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Thursday, June 22, 2017


Nothing to do with The Good, The Bad and The Ugly, nor The Bad and The Beautiful, the former film with Clint Eastwood, and the latter with Kirk Douglas and Lana Turner.  But for future reference, consider that Rotten Tomatoes gave TGTBTU 97 ratings for both reviewers and audiences, while TBTB scored 96/85.  But those terms well describe my visit to Kona thus far.

First, this summer looms to be good, bad and, maybe, beautiful, but not for Donald Trump.  Depending where you are, north or south hemisphere, your solstice just passed, meaning you already experienced your longest/shortest day of the year.

Perhaps our President learned something.  He has kept hands off the assassination of Obamacare in the U.S. Senate so that he is not blamed for another failure.   Protesters are not lining the White House nor any Trump hotel.  But that will yet come by Labor Day on a range of other controversies.

There is a difference between good and beautiful, for you can be beautiful and bad, or good and ugly. You can also be beautiful and good, as are most of us.  I'll begin with some beautiful photos from my hotel room, with an enjoyable breakfast in the Kaiulu Lounge:

See that white spot on the horizon on the top photo?  That's the Pride of America moored off my next hotel, King Kamehameha, a distance of seven miles.  However, another shot showed the volcanic air pollution affecting this region, a definite bad:

I caught the Kona Trolley, which is free for Sheraton hotel guests,  otherwise $2 every time you get on, to the Keauhou Shopping Center, to have lunch at Sam Choy's Kai Lanai.  I was surprised to learn that it has been around since 2011.

Portuguese sausage, fish and eggs with rice, a salad, plus glasses of chardonnay and beer.  The view was spectacular, so this meal was both good and beautiful.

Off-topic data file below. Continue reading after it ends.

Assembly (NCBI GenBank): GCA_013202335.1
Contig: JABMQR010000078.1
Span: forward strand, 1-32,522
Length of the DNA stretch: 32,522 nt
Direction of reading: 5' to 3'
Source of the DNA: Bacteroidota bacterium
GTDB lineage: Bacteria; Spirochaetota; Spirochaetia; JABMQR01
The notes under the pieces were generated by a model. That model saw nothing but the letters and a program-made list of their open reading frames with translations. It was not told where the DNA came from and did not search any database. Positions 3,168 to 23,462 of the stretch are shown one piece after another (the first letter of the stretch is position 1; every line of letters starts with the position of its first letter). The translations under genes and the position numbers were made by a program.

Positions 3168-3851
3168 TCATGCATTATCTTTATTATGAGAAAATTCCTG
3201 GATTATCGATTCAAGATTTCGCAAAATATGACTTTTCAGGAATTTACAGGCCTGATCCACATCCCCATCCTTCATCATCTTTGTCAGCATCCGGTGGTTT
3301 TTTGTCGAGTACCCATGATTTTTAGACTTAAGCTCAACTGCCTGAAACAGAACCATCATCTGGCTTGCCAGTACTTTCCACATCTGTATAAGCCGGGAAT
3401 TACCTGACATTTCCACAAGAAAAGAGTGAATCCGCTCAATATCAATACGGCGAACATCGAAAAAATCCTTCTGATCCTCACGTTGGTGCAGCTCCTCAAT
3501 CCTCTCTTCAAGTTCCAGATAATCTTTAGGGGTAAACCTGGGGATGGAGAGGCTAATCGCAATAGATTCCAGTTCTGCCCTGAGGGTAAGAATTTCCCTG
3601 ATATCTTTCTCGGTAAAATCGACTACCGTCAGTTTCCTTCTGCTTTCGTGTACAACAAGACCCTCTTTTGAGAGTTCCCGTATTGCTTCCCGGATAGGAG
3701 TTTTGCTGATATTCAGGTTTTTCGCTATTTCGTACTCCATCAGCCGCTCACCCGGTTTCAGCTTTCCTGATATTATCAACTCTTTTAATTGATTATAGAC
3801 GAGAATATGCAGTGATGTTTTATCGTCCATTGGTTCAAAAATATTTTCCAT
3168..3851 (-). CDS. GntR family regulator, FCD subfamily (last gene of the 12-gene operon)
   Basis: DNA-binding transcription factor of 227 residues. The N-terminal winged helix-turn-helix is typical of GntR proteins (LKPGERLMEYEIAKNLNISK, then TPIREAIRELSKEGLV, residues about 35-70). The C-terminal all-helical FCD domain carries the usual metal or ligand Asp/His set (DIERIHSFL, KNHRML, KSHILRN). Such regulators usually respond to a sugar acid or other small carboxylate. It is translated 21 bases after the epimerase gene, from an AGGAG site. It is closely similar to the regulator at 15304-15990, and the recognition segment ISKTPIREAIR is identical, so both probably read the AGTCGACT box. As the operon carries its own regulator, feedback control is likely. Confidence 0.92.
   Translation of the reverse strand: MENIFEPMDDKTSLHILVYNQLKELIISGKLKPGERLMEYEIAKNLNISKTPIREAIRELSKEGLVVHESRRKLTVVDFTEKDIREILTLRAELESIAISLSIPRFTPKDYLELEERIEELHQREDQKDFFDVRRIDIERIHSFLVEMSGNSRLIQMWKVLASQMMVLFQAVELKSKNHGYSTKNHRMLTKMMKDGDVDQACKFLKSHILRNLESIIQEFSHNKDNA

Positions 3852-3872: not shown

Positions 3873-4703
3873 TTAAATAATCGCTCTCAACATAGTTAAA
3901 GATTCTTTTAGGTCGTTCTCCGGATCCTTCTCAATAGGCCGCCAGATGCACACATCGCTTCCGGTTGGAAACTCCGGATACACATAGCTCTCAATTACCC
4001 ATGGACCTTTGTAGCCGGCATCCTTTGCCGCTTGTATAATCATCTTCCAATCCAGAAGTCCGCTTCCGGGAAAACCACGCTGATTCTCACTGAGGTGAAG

I noticed several birds eyeing my meal, with an owl statue behind the palm.  I was thinking of getting one of those to scare away the birds on my lanai.  The waitress said it doesn't work:

Way in the background to the left is the Sheraton Kona, about a mile away.  Here is an example of something that could be good, bad or beautiful, depending on your point of view:

Sam Choy must either love or hate marlins.

I then bought a bottle of beer, some potato chips and spicy Italian Subway for my sunset dinner on my room lanai, then re-boarded the trolley into Kailua-Kona town:

That's a grass shack on the grounds of the Courtyard Marriott King Kam.

Well, dinner on my lanai did not work out so well.  First of all, it rained so I could not see any sun setting.  I sat on my chair and did not realize the cushion was soaked.  The rained had stopped so I set up my meal:

The wine came from the club lounge.  Just as I began eating, with a wet bottom, the rains re-came, and, so quickly, that the potato chips got soggy.  So, no doubt, this was a bad meal, again, when you include yesterday night.

Which returns me to the Sheraton Kona, where just six months ago all was fine.  So much of value, in fact, that I decided to return.  The problem is once you find a fault, you seek others, and, maybe, the problem is me...but: